Hiroshi Shibahara (02)

From BR Bullpen


Hiroshi Shibahara (柴原 洋)

  • Bats Left, Throws Left
  • Height 5' 8", Weight 165 lb.

BR Japan page

Biographical Information[edit]

Hiroshi Shibahara was a three-time All-Star outfielder in Nippon Pro Baseball.

Shibahara won a Triple Crown and MVP in college; his 21 career homers were a Fukuoka Big Six University League record. The Daiei Hawks took him in the third round of the 1996 draft. His first hit in NPB came off Jiro Toyoda on April 13 and his first homer was two innings later against Nobuhiko Watanabe. He finished his rookie year with a weak .159/.204/.205 batting line in 98 plate appearances over 66 games. He became a starter in 1998 and blossomed, hitting .314/.389/.382 with 18 steals in 25 tries. He was 4th in the Central League in average (behind Ichiro Suzuki, Mitsuchika Hirai and Phil Clark), tied for 6th in steals (with Katsuhiro Nishiura) and 4th in OBP (behind Atsushi Kataoka, Suzuki and Hirai). He won a Best Nine nod as one of the PL's top three outfielders, alongside Suzuki and Naoyuki Omura.

In 1999, Shibahara faded to .263/.347/.345 and stole 22 bases in 33 tries; he hit only .213 with runners in scoring position. He was 4th in the PL in swipes (trailing Kazuo Matsui, Makoto Kosaka and Yoshitomo Tani) but second in times caught (4 behind Kosaka). He was 10th in runs (68, between Yukio Tanaka and Micah Franklin) and tied for fifth with four triples. He had a backup role in the 1999 Japan Series as Daiei beat the Chunichi Dragons; the Hawks went with a starting outfield of Koji Akiyama, Arihito Muramatsu and Melvin Nieves.

The Fukuoka native rebounded to .310/.382/.435 in 2000 with 78 runs and 32 doubles. He was among the PL top 10 in runs (tied for 8th with Tani), hits (161, 3rd behind Michihiro Ogasawara and Matsui), doubles (tied for second with Kataoka, 8 behind Matsui), triples (tied for 3rd with 6), caught stealing (9, tied for 2nd with Tani and Takashi Muto), two behind Kosaka; only 10 successful steals), walks (58, tied for 9th with Tuffy Rhodes and Tony Fernandez), strikeouts (91, tied for 7th), average (8th, betyween Muto and Toshihiro Noguchi) and OBP (10th, between Nobuhiko Matsunaka and Norihiro Nakamura). He made his first PL All-Star team, won his first Gold Glove (joining Suzuki and So Taguchi in the outfield) and made his second Best Nine (alongside Suzuki and Sherman Obando). Like most of the Hawks, he was shut down by the Yomiuri Giants in the 2000 Japan Series, going 4 for 23 with two doubles, a run and three RBI in six games.

Shibahara remained steady (.302/.351/.404, 35 2B, 95 R) in 2001. He hit four doubles on April 29 and repeated as an All-Star. He joined Taguchi and Tani as the Gold Glove winners, but did not make the Best Nine as Tani, Rhodes and Koichi Isobe were selected. He finished 10th in average, tied for 8th in runs with Pedro Valdes, fourth in doubles and fourth in hits (177, between Tani and Isobe). He had an off-season in 2002 (.269/.282/.365, only 17 BB, 101 K, 73 R, 33 2B). He was 8th in the PL in runs, tied Saburo Omura for 5th in doubles, tied for second in sacrifice flies (6, one behind Matsunaka) and 10th in strikeouts.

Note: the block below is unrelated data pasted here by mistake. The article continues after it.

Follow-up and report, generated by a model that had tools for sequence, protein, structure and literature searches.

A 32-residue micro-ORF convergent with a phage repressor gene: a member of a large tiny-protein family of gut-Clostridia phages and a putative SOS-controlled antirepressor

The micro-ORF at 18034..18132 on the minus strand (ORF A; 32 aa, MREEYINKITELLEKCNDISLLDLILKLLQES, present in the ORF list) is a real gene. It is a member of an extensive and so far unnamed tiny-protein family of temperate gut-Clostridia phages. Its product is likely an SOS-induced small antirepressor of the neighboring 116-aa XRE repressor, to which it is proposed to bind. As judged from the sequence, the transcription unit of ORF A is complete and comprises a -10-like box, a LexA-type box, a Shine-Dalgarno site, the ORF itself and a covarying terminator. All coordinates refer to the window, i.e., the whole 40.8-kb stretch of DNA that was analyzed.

In 2003, Shibahara had his last big year: .333/.386/.423, 71 R. He was 5th in the PL in average (between teammates Tadahito Iguchi and Kenji Johjima) and joined Muramatsu, Naoyuki Omura and Tani as Gold Glove winners. He produced at a .296/.345/.370 clip with 3 runs and 2 RBI in the 2003 Japan Series as Daiei prevailed over the Hanshin Tigers in 7 games. He hit .271/.316/.411 in 2004, tying for 10th in the PL with 27 doubles and ranking second with seven sacrifice flies (one shy of Iguchi). Hiroshi hit .266/.329/.319 in 2005, getting his 1,000th career hit (off Shunsuke Watanabe).

Shibahara's batting line was .277/.353/.380 in 2006 and he made his third All-Star team. He rapped 28 doubles and batted .273/.318/.394 in 2007, with 8 outfield assists and two errors. He tied Saburo Omura, Hiroyuki Nakajima and Hitoshi Taneda for 6th in the league in doubles. He hit a sayonara 3-run homer on Opening Day 2008 off Domingo Guzman, the 6th player in NPB annals to hit an Opening Day sayonara blast. He hit .277/.328/.354 on the year. A back injury in May 2009 kept him in the minors most of the year; he hit only .206/.336/.247 in 37 games for the Hawks. He batted just .216/.261/.366 in 69 games in 2010 and was 1 for 13 with five whiffs in 2011 to end his career.

Overall, Shibahara had batted .283/.341/.381 in 1,441 NPB games, with 661 runs, 463 RBI, 261 doubles and 85 steals in 137 tries. Not a slugger, he had 54 home runs in 4,885 at-bats. Through his final season, he was tied for 90th in league history in doubles (even with Makoto Kaneko), tied for 99th with 40 sacrifice flies and was 72nd in strikeouts (880, between Kosuke Fukudome and Takanori Suzuki).

Primary Source: Japan Baseball Daily by Gary Garland